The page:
5. Are even your most challenging days in the wine industry better than your previous lives? How and why? For Dave, whose professional responsibilities fall completely under the winery umbrella, this is true because he no longer is a tax attorney! In addition to the winery, Sara still works full-time as a freelance marketing consultant, and has worked for herself for almost 22 years. The point is, when you’re your own boss, you get to decide what success looks like; you don’t have to meet the expectations of someone higher up the ladder. Yes, there are challenging days, and often those challenges revolve around the fact that we each hold ourselves personally to very high standards. Or something happens beyond our control. At a certain point, you learn to roll with it because there’s nothing else you can do.
6. On the estate, you have Pinot Noir, Seyval Blanc, Pinot Blanc, and Schioppettino. Anything else on the horizon? We have a short list of contenders, but until we get a better idea of how the Schioppettino vines develop and make our first wines from them, we won’t be making any decisions. There are still about 1.5 acres unplanted on our property so there’s room for something else. It won’t be more Pinot Noir! We want to continue our focus on more unusual varieties.
7. Will you still source the Walla Walla Cabernet and Syrah, or will you phase it out and eventually be a 100% estate? We have no plans to source from any other site than Summit View Vineyard in Milton-Freewater. They’ve been selling to us since our first vintage, and we love the wines coming from their fruit. Our customers – especially the locals – would be very unhappy with us if we switched to a different site. Also, despite global warming, we just don’t think it will be warm enough here in our lifetime for those two varieties to achieve optimal ripeness consistently.
8. You have been in Oregon for 10 years now. What do the next 10 years look like? We moved here in June 2012 from Cincinnati, bought our property at the end of that year, and made our first vintage in 2013. This harvest in 2022 marked both our 10th harvest, as well as what we’ve been calling “the end of the beginning.” This was the first year we were 100% Pinot independent; that is, we didn’t source Pinot Noir from any other grower for the first time. We loved working with other micro-site growers who were very much like us. But ultimately being as close to 100% estate was the goal, and now we are… at least for the Pinot Noir. So, the Pinots we’re making this year represent the next chapter in our evolution and we’re excited to see how the fruit develops in terms of complexity and flavors as the vines continue to mature. Otherwise, we don’t really plan to change. We love the one-group-at-a-time winemaker hosted tastings, and plan to continue being 100% direct to consumer. Maybe we’ll finally get a chance to take a vacation sometime in the next 10 years.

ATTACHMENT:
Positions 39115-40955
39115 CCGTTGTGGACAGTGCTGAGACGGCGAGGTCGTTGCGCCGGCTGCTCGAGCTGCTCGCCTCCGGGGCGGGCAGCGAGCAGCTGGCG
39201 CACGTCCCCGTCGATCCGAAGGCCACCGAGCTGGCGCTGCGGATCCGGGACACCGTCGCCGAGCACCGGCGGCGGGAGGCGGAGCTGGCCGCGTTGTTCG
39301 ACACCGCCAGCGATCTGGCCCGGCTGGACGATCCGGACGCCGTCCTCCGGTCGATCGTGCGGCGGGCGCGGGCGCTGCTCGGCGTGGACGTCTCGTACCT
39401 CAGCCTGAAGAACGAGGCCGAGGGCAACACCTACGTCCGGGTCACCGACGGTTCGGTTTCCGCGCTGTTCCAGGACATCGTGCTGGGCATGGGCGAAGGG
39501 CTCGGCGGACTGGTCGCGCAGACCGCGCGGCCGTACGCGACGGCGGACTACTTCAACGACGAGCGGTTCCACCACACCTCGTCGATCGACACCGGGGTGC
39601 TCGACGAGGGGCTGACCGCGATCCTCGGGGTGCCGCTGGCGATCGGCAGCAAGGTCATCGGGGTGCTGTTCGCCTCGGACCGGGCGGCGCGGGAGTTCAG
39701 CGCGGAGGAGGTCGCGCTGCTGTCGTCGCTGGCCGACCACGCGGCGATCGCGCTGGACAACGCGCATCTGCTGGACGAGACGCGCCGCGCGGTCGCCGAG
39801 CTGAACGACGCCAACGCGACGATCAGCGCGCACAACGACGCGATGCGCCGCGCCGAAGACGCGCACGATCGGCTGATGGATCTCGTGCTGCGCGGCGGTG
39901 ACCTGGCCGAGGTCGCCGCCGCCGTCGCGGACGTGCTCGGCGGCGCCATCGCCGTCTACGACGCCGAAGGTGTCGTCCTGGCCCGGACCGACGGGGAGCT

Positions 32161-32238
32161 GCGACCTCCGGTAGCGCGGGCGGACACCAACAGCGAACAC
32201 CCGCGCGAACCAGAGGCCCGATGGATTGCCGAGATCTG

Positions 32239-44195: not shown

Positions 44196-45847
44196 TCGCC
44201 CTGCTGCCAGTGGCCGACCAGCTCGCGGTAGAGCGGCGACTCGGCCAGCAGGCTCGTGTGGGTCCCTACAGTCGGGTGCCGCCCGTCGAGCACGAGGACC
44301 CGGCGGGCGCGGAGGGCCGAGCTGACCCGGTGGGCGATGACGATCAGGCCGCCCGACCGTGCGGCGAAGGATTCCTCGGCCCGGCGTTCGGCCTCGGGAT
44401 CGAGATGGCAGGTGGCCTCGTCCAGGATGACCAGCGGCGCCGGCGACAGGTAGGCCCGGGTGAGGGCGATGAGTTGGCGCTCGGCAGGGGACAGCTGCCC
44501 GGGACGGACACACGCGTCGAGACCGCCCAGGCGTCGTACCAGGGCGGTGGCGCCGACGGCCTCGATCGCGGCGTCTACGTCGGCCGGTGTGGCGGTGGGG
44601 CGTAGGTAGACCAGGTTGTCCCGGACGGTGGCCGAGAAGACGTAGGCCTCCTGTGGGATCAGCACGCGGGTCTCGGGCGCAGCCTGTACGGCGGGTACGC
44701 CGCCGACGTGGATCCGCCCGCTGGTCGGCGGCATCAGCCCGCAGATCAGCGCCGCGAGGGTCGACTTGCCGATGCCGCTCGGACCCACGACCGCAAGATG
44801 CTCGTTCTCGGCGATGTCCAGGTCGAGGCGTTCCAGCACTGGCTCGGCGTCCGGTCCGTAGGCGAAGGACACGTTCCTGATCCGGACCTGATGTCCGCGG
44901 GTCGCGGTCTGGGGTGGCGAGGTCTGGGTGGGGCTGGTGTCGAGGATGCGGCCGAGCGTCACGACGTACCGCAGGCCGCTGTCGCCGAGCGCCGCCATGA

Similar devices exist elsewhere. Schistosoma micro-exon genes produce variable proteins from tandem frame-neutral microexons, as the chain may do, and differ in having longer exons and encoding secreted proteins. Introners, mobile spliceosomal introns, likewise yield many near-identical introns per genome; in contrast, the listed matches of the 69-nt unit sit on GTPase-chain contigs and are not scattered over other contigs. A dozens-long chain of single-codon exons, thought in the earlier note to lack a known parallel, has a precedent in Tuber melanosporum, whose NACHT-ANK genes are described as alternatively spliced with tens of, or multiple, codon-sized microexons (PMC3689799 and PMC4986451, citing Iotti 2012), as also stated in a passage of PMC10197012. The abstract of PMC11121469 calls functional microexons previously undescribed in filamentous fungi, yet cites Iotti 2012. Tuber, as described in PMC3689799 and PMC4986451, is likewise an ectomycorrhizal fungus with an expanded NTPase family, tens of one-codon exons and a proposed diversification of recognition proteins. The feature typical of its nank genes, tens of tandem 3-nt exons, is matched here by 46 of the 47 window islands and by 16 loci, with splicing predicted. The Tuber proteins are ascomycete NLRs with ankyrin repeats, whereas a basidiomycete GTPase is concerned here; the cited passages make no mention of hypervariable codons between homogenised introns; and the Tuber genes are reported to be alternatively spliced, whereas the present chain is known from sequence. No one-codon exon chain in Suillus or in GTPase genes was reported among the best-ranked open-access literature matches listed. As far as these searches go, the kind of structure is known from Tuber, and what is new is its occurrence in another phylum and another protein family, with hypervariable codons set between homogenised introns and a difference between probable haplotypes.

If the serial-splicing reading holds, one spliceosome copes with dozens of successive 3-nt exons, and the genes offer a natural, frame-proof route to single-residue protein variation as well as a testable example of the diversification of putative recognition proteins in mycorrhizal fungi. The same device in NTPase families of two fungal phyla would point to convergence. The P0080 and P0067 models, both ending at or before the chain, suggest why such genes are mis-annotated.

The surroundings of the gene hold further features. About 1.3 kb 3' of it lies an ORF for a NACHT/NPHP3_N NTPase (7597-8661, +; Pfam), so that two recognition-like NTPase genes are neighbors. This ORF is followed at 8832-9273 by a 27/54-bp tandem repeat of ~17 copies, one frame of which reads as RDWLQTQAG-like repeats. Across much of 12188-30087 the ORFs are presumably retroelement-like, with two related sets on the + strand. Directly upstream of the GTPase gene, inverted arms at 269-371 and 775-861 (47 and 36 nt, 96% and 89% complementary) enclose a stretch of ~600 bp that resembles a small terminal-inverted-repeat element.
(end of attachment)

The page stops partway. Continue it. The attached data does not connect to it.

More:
9. What experiences and knowledge from your previous lives and careers helped you forge your new path and achieve success these past 10 years? How much time do you have? On Dave’s side, he played French Horn for 20 years, has an MBA and law degree and was a corporate tax attorney doing mergers and acquisitions for a decade at a Big 4 accounting firm. He’s a whiz with spreadsheets and bureaucratic minutiae.
Sara translated a bachelor’s degree in French and history into a career in marketing including writing, graphic design, public relations, social media, and project management. After working at a couple of different ad agencies, she has freelanced for more than 20 years now.
Dave’s prone to analysis paralysis. Sara’s more likely to ask forgiveness than permission. The point is, we bring complementary skill sets and approaches to the table with the winery.
We’ve both managed people in our past careers and we learned we don’t ever want employees – all of Bells Up’s customers know exactly who they’re going to talk to when they call, email, or visit us. Having employees creates layers between yourself and your customers. There’s also all the administrative work that goes along with employing someone. We knew we would have to stay small to adhere to this model. And that’s okay with us.